migraines, fatigues, itchy skin
, low mood and weight gain. Our clinical data speaks for itself and we are pleased
to now see measures being put in place that can distinguish our services from those that
do not meet the criteria on the checklist.”
The checklist, originally published in the journal Nutrition Practitioner, includes
the following pointers:-
- Check whether the test supplier is audited annually by the UK Health Authority (the MHRA) or is CPA (Clinical Pathology Accredited). Also ensure that the tests and sample collection methods have been CE marked. The supplier should be able to provide their certificates. - Check that the test is accurate (what evidence exists?); has the test been referenced or calibrated against a recognised international standard? If no 'gold standard reference point' exists then clinical studies to show effectiveness must be provided. - Look out for real case studies and testimonials to show that the test works in practice, and can be interpreted correctly. Talk to other people that have used the test and find out about their experience. - Check that the supplier has evidence that the sample (for example a blood sample) is stable during transport to the laboratory. Also ask for the supplier to provide reproducibility data.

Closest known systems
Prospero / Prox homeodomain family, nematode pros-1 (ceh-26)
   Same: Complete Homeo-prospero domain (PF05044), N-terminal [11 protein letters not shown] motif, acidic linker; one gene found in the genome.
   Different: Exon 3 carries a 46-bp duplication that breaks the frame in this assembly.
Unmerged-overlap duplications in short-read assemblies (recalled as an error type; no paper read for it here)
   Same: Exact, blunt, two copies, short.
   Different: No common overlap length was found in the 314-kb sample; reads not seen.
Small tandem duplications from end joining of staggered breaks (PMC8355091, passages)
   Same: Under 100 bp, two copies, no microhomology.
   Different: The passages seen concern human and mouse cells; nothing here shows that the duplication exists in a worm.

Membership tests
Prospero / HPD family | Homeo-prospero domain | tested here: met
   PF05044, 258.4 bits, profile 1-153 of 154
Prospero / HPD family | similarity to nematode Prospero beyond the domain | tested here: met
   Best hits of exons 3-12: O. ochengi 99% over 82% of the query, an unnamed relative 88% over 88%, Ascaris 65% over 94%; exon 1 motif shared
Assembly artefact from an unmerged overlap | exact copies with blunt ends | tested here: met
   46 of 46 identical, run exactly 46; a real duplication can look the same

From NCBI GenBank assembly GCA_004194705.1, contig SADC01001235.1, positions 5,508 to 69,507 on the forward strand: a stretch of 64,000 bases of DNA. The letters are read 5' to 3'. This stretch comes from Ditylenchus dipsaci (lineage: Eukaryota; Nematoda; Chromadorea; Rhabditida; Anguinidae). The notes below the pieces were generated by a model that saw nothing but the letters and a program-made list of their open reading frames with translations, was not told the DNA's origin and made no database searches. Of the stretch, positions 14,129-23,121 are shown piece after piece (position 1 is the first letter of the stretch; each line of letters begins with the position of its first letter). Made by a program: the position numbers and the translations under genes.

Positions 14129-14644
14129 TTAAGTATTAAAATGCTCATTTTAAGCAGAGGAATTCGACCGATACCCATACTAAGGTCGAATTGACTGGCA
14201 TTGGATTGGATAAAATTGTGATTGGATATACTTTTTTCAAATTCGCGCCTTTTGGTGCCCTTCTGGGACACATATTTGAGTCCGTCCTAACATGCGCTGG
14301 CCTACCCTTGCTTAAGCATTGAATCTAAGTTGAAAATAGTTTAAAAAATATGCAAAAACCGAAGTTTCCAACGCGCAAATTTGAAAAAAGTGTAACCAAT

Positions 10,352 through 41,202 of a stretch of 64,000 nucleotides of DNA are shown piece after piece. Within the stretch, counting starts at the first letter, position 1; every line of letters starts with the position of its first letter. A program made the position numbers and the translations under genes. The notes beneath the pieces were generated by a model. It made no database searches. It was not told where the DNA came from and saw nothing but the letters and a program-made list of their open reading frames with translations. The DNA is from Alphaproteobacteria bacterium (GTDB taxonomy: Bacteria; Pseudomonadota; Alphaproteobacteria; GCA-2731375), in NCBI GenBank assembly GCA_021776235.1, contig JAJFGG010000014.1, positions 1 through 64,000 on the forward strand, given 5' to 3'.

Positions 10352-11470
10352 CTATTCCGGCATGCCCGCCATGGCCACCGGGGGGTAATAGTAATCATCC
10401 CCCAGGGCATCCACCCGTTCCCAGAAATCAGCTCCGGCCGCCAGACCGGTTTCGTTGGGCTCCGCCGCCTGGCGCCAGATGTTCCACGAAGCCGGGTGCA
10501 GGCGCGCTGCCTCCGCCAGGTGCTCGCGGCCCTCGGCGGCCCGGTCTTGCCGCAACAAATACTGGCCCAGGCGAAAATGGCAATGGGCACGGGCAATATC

Dr Gill Hart continued: “Being able to question the suppliers of diagnostic tests will
help people to feel confident to really tackle their food intolerance symptoms, knowing
that their targeted action is based on good sound information.”
To help identify food intolerances, help is at hand from YorkTest Laboratories,
Europe’s leading provider of food and drink intolerance testing with over 30 years’
experience. The YorkTest food and drink intolerance test [http://www.yorktest.com ] called
Food&DrinkScan can uncover potential food and drink triggers, allowing people to simply
modify their diets with life changing health benefits.
Food&DrinkScan measures IgG antibody reactions to 158 foods and also ingredients found
in beverages. Food&DrinkScan is available to buy online or by phone for GBP299.
Unlike other many basic tests available, YorkTest customers will be fully supported